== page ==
Daily Archives: 15 January 2006

What Motivates Suicide Bombers in China?

The upcoming issue of The New Republic has a long review by David Bromwich of two books about suicide terrorism: Terry Eagleton’s Holy Terror (Oxford U. Press, 2005) and Robert Pape’s Dying to Win: The Strategic Logic of Suicide Terrorism (Random House, 2005).

The motives for suicide terror may be roughly divided into (1) religious fulfillment; (2) revenge; (3) founding a state; and (4) resistance to occupation. Holy Terror, when one looks at the details, is concerned rather narrowly with (1) and (2). Dying to Win suggests that the terrorism of the past two decades, and especially the suicide bombings, has emerged saliently as instances of (4), with (3) often a discernible secondary motive. (1) and (2) in Pape’s view are possible and always exacerbating causes, but as he reads the evidence, they have not excited vengeful or ecstatic persons to the length of killing others by killing themselves.

Meanwhile, the January 2006 issue of Scientific American has a column by Michael Shermer (“Mr. Skeptic“) about how to counter what he calls “murdercide” (ugh!).

The belief that suicide bombers are poor, uneducated, disaffected or disturbed is contradicted by science. Marc Sageman, a forensic psychiatrist at the Foreign Policy Research Institute, found in a study of 400 Al Qaeda members that three quarters of his sample came from the upper or middle class. Moreover, he noted, “the vast majority–90 percent–came from caring, intact families. Sixty-three percent had gone to college, as compared with the 5-6 percent that’s usual for the third world. These are the best and brightest of their societies in many ways.” Nor were they sans employment and familial duties. “Far from having no family or job responsibilities, 73 percent were married and the vast majority had children…. Three quarters were professionals or semiprofessionals. They are engineers, architects and civil engineers, mostly scientists. Very few humanities are represented, and quite surprisingly very few had any background in religion.” …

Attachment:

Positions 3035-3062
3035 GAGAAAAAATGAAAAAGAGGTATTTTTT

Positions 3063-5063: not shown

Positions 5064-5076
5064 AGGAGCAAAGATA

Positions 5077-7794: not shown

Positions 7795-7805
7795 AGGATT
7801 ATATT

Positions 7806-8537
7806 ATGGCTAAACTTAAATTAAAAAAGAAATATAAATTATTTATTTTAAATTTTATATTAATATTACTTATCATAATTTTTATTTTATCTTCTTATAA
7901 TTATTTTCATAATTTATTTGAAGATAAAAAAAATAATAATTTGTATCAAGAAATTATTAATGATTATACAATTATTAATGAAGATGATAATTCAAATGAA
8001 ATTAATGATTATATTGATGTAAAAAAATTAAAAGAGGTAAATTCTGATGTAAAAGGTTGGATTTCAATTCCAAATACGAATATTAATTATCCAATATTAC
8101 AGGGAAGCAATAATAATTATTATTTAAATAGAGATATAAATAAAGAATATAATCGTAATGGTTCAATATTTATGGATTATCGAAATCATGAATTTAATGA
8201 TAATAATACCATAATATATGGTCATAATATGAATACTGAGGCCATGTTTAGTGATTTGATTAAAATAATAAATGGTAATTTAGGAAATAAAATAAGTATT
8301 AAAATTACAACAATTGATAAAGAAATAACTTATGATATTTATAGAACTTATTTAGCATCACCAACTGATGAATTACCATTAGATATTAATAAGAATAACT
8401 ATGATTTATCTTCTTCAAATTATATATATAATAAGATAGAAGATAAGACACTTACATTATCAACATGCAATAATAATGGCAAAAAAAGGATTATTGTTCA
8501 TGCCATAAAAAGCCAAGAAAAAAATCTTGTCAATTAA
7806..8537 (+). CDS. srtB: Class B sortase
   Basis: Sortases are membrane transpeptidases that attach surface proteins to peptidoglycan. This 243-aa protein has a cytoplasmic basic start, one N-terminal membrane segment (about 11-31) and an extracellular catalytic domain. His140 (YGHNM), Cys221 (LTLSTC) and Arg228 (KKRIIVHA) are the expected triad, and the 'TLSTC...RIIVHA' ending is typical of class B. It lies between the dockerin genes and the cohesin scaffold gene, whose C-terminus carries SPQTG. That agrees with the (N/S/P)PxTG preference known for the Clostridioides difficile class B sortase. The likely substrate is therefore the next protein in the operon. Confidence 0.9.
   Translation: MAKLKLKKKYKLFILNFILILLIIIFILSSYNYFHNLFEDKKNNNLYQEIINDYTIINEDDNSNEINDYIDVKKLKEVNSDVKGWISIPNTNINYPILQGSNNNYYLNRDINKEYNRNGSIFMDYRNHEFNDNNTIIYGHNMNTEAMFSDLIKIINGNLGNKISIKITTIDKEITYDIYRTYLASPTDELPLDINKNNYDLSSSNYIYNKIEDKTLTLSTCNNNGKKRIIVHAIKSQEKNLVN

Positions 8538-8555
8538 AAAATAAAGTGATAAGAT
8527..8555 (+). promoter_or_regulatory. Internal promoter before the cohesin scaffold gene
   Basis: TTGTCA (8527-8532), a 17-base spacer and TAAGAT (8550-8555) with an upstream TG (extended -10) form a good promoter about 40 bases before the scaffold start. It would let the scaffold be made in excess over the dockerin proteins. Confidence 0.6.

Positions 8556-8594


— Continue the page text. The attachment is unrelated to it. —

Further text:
One method to attenuate murdercide, then, is to target dangerous groups that influence individuals, such as Al Qaeda. Another method, says Princeton University economist Alan B. Krueger, is to increase the civil liberties of the countries that breed terrorist groups. In an analysis of State Department data on terrorism, Krueger discovered that “countries like Saudi Arabia and Bahrain, which have spawned relatively many terrorists, are economically well off yet lacking in civil liberties. Poor countries with a tradition of protecting civil liberties are unlikely to spawn suicide terrorists. Evidently, the freedom to assemble and protest peacefully without interference from the government goes a long way to providing an alternative to terrorism.”

The recent spate of suicide bombings in China seems to underline Mr. Skeptic’s point about despair in the face of oppressive and unresponsive governments.

Discontented or disturbed attackers in China have used mining explosives or fertilizer devices in previous bombings.

In August, a farmer with lung cancer set off a bomb on a bus in Fuzhou in southeastern Fujian province, wounding 31 people, and in July a murder suspect set off a bomb in a shopping mall in northeastern China, injuring 47 people.

A man set off a bomb on a bus in the western Xinjiang region in January 2005, killing 11 people.

On Saturday, Xinhua reported an explosion in a coal mine in Xinjiang in November was set off deliberately in the Beitaishan Coal Mine, killing 11 people.